So many of my favorite bands released fantastic records this year, I was barely able to pay attention to much else. I’m looking forward to seeing the many other lists that will be coming out so I can find the gems I missed. As usual, there’s no particular hierarchy here, but there were certainly a few standouts.
Wow. I mean, her debut from last year, Los Angeles, was beautiful, but this is a huge and unexpected leap forward. If you haven’t heard of her yet, just about all of the major outlets have covered El Mar Querer. Rosalía does a fantastic job of mixing Flamenco and Romani-influenced styles with Björk-esque soundscapes. People keep talking about it being RnB, but I only vaguely get that impression. This is some genre-bending/defining stuff that is probably going to change the face of contemporary music.
Low fucking does it again. It’s amazing to me how they just keep adding to their palette, keeping their minimal, pop mood-pieces so fascinating. This isn’t the type of album you’re going to pop on one for two songs, by any means, you definitely have to be in the right frame of mind for it. A world unto itself, Double Negative is short film about a decaying memory of some specific moment it’s hard to recall. It’s right there in the shadows of your mind, but every time you’re almost able to see it clearly, it disintegrates into dust. Very much in debt to William Basinski, but from a much different perspective.
I was unfamiliar with Jake Rogers’ music before discovering Visigoth on their third album this year. If you’re a fan of metal’s many genres, it’s worth exploring his Gallobraid and Caladan Brood projects, but Visigoth is by far his most compelling band as far as subject matter and presentation goes. Also, it’s fucking hilarious, totally badass, and fun as hell all at the same time. Take the second track, and standout, “Warrior Queen” for instance. I’m not going to do it justice in words, so just listen to it. The majority of this album would be an epic soundtrack for a Conan or Red Sonja reboot, there’s even a song about The Highlander. “Salt City” is the only track that’s out of place, but it’s quickly forgotten with “Blades in the Night” and the title track.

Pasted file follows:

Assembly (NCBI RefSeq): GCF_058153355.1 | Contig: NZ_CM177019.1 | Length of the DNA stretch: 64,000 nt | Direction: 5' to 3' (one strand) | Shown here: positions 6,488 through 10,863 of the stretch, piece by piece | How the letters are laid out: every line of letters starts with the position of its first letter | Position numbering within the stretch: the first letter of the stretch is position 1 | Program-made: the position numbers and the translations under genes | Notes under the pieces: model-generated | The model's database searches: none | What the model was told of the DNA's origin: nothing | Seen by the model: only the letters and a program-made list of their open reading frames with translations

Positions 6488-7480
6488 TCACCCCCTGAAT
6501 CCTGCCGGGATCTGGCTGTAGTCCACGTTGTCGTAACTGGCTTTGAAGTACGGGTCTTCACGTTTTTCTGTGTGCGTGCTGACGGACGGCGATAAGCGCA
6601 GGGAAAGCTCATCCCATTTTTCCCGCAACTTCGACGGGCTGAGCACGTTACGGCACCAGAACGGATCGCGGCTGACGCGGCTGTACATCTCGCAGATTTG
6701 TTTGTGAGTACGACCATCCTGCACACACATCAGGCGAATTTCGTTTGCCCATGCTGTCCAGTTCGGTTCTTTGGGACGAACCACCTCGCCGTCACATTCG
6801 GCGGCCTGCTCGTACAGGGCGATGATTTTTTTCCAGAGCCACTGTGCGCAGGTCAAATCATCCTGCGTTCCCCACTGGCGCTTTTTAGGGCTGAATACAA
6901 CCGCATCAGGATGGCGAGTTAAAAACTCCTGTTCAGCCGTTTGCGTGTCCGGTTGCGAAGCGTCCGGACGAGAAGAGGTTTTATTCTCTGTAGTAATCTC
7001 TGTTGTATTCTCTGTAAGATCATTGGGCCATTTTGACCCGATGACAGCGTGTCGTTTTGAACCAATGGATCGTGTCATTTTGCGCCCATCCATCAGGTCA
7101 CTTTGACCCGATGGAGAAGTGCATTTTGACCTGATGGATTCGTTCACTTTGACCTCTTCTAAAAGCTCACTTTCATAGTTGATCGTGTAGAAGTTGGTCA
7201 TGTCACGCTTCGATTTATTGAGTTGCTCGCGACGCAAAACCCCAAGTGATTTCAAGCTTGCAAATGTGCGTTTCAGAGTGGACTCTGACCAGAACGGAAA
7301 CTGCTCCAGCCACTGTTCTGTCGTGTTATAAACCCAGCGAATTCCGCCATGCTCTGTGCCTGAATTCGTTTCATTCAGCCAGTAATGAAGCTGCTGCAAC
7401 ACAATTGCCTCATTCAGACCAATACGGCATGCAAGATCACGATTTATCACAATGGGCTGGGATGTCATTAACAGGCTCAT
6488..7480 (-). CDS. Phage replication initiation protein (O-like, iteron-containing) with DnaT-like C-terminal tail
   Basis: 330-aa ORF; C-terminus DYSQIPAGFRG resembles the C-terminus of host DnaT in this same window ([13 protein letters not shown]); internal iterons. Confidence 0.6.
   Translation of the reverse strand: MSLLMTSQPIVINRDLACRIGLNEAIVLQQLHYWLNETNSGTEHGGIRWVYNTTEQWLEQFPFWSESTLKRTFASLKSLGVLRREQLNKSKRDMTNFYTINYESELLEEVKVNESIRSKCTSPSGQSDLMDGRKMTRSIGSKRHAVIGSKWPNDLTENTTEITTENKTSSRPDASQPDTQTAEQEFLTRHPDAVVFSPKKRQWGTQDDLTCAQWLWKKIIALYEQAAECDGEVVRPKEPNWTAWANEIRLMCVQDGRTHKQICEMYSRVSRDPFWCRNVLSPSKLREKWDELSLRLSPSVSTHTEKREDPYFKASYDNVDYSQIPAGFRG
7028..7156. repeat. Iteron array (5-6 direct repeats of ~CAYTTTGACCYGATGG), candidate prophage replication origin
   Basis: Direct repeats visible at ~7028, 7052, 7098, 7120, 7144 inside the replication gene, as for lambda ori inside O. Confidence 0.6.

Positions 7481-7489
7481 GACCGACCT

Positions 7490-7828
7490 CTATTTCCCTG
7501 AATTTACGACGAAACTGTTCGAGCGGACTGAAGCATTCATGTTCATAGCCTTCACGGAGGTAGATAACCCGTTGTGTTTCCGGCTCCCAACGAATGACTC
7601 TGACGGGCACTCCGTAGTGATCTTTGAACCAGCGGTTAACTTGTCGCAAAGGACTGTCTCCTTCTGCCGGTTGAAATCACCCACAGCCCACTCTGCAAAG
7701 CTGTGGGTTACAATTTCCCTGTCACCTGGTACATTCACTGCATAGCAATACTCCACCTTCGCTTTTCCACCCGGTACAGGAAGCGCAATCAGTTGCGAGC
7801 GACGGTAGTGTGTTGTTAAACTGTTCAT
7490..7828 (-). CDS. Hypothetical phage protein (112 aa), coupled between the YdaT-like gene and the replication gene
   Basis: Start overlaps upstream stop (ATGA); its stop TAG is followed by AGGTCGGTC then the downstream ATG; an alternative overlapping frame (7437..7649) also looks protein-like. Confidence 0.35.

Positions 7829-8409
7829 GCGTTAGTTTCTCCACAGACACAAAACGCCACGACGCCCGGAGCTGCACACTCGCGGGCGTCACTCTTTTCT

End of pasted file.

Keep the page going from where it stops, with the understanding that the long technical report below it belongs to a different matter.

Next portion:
Mr. Washington’s music really scratches my jazz and exotica itch like no other, and Heaven and Earth just goes on and on. Lush, dense, and ever-changing, it effortlessly weaves in and out of jazz’s many forms, Kamasi is a master composer for the books. Transcendental at the least, this double album will take you to dimensions beyond.
The Good, the Bad, and the Queen
Oof, this is a tough one. An epitaph not only for the twisted caricature contemporary England has become, but Western “democracy” itself as it slides the last few inches down to the hilt of its own imperial sword. Tony Allen’s dub beats that ironically support "Merrie Land” underscore the dejected, haunted carnival music that dominates the album, a repudiation of the nationalist tendencies of a culture that once took as it pleased from the rest world. That being said, you can hear Albarn’s true and deep longing for what he thought his country was, and what it could be. “Merrie Land” is, if nothing else, difficult, but it’s also incredibly rewarding. I’ve only caught myself singing tiny snippets of it over the past few weeks, mainly because it generally eschews typical pop-song craft. Again, another release that probably won’t have any hot singles, but overall, it’s a masterpiece, the best thing Albarn has released in years.
I never know what to expect with OPN, just that I’m going to hear something new and exciting. Lopatin does not disappoint with his latest release, a concept album about alien robots trying to piece together what humanity was all about through scraps of recordings. That may sound silly, but, seeing as it’s mostly instrumental, the concept is more of a guide to approach the album than a story that is overtly presented. This marks Lopatin’s first attempt singing his own songs, of which there are a handful. They’ve been bemoaned, but I think they are prescient markers of what pop will likely become, if contemporary pop “artists” can ever find it within themselves to write some decent lyrics. “Babylon” is the standout of these songs for me. Another epitaph for a sad moment in human history, where, in countless ways, we are unable to see the forest for the trees. That said, this is a strong contender for my album of the year.
A return to form, some new directions forward, and a call to arms for those doing their best to #resist in these dark days. Not only is Wide Awake! a great political manifesto of the moment, but it’s also fun to dance to, the energetic counterpart to Merrie Land. Swerving all over the place stylistically but remaining cohesive in their vision, it seems the current climate was exactly what Parquet Courts needed to get back on their game.